The Conservative party has talked so often about rolling back the state but never does anything about it in concrete terms. We all know that the bigger the state the less free we become, we need to see some radical thinking in this area and an end to the farce of ministerial musical chairs in which a person with no experience can become head of education, housing, communities and transport all by the age of just forty. I have respect for Ms Kelly's stance on abortion, and as a person she has a charming antiquated air of 'Irelands Own' about her, but have to say that as a minister she brought nothing but trouble to the table.

  15. mikestallard
    September 25, 2008

    In the 1990s, when the trains were still pre Prescott and the two crashes, i was communing between Harrogate and Bradford.
    During the year I commuted, the trains improveD drastically, the station at Leeds was transformed.
    Then the two crashes happ-ened and the railways were more or less nationalised again.
    You are so right – the Ministers are simply not capable of running the system which should be, as as far as possible, left to the market and private companies to run.

  16. Acorn
    September 25, 2008

    You could try video conferencing John. They even use it in the public sector; would you believe, to save travel expenses and carbon footprints!!!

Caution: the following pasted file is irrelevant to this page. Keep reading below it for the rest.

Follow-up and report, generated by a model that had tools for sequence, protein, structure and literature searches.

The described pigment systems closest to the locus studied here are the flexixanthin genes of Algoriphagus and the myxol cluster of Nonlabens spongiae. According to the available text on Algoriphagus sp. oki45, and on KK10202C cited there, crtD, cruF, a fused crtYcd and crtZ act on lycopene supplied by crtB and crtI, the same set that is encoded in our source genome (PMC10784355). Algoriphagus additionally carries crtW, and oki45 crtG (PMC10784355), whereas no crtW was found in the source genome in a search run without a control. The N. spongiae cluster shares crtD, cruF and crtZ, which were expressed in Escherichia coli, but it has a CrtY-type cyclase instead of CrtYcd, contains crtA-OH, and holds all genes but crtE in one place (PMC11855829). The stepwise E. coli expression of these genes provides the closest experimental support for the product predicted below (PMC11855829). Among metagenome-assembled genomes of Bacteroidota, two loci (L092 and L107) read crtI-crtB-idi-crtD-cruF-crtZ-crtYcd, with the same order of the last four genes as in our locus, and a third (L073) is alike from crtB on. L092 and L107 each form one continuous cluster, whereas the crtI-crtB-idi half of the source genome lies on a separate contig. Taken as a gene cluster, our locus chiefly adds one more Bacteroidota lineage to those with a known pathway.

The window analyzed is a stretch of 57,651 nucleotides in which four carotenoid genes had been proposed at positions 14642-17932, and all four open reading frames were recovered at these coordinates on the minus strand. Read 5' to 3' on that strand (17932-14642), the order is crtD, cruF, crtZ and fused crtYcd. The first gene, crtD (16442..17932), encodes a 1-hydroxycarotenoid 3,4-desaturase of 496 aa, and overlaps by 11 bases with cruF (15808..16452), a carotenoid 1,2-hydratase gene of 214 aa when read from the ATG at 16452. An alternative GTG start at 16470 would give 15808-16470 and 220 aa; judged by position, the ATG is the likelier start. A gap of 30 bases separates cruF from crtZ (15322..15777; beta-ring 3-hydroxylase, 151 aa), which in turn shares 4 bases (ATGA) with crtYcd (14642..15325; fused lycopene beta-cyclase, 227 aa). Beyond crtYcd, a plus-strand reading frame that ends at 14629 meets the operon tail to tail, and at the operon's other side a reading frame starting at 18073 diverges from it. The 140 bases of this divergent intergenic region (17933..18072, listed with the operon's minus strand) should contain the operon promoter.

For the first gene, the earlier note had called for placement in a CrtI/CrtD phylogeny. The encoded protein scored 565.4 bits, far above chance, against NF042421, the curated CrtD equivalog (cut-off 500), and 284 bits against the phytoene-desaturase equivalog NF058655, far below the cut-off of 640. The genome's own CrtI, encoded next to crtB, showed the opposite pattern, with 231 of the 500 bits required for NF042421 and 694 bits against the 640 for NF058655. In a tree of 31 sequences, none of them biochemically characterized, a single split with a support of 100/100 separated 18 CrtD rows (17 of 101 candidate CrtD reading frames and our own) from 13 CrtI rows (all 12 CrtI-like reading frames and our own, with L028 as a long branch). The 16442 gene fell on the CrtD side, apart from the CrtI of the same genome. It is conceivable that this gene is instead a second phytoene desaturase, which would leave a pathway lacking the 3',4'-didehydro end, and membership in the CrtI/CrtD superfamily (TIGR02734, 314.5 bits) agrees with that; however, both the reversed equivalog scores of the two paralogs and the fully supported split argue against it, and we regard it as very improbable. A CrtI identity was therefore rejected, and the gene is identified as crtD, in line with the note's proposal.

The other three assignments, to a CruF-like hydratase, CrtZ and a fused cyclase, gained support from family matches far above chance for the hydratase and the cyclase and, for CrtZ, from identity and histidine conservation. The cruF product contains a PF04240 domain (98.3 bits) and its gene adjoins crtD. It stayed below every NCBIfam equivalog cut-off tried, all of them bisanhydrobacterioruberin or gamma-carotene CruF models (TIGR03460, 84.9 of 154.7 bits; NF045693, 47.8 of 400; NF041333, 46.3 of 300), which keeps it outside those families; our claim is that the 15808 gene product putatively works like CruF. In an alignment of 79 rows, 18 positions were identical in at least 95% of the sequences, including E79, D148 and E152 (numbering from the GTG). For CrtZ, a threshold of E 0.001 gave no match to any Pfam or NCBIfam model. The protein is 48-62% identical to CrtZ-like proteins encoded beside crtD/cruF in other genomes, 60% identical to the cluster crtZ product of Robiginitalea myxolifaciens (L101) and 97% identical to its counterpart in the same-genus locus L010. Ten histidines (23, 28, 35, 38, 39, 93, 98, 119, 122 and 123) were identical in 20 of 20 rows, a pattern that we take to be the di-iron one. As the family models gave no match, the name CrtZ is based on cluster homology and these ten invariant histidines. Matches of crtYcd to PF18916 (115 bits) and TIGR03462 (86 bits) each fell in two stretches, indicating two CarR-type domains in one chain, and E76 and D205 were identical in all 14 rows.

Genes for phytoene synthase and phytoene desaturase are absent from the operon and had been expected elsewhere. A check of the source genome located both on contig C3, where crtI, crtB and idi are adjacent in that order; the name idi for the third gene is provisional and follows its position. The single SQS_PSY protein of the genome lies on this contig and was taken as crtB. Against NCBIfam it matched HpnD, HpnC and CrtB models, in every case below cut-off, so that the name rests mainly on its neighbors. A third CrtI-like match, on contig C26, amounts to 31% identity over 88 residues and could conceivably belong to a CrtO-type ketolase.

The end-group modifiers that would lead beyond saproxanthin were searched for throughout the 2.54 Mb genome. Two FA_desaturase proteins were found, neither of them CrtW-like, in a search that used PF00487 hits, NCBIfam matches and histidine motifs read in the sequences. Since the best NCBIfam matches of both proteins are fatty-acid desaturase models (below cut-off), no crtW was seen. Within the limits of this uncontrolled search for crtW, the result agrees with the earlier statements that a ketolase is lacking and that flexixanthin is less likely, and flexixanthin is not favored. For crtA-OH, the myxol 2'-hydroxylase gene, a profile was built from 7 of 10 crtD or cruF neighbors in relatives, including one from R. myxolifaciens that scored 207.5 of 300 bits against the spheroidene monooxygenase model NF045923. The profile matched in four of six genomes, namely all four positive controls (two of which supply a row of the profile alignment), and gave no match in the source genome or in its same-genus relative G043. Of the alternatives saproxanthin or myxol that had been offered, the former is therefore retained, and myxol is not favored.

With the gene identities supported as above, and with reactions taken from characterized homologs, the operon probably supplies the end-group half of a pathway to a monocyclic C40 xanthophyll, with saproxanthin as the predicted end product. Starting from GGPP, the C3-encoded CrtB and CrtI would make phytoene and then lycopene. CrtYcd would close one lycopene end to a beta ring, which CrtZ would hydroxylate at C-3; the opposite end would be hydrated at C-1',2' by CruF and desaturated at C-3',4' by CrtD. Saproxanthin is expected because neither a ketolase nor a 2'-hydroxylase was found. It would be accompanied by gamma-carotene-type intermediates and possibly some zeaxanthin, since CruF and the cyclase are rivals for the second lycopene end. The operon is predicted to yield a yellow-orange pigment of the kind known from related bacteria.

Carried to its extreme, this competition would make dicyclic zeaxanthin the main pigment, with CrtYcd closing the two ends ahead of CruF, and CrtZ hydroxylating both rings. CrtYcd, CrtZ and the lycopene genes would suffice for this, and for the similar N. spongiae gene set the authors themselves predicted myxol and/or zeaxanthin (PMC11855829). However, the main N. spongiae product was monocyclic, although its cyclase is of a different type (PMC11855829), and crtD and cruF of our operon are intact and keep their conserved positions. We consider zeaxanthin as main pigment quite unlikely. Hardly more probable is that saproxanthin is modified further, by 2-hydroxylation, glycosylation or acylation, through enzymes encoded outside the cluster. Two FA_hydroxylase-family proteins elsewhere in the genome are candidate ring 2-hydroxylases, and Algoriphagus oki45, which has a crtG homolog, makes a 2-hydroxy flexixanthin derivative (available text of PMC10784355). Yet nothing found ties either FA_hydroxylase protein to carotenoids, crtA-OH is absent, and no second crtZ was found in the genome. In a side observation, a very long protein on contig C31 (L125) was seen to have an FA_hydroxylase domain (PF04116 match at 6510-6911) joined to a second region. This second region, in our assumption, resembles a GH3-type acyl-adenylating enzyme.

17. Alfred T Mahan
    September 25, 2008

    As usual a percipient post but surely, as one or two of the previous comments hint, one of the problems is that government has simply got too big? I can't imagine how any minister, however diligent, can be expected to get to grips with the minutiae of a large department. A minister comes to the job as, in effect, a semi-executive chairman, often with no direct experience of the sector in question, although possibly (and far from always) with some knowledge of administration. Very, very rarely will a minister have actually worked within his department in the past. This is not a recipe for effective management, especially with many of the normal commercial management levers absent. And, as we know to our cost from the experience of New Labour, the skills required for political success aren't the same as those required to manage a department.

    In addition I hear numerous tales (in fairness, mainly from local government) about how difficult it is for elected representatives to obtain proper information from their officials in a comprehensible format. Sometimes this is deliberate; at other times the system isn't up to it because of the complexity involved.

    The upshot is that policy failures, and ministers who appear not to be in charge of their brief, are becoming more and more endemic as government becomes ever harder to control. The solution, and a very difficult one to implement, is simpler or smaller government.

    You've been a minister, I haven't! So please correct me if I'm wrong.

  18. Blackacre
    September 25, 2008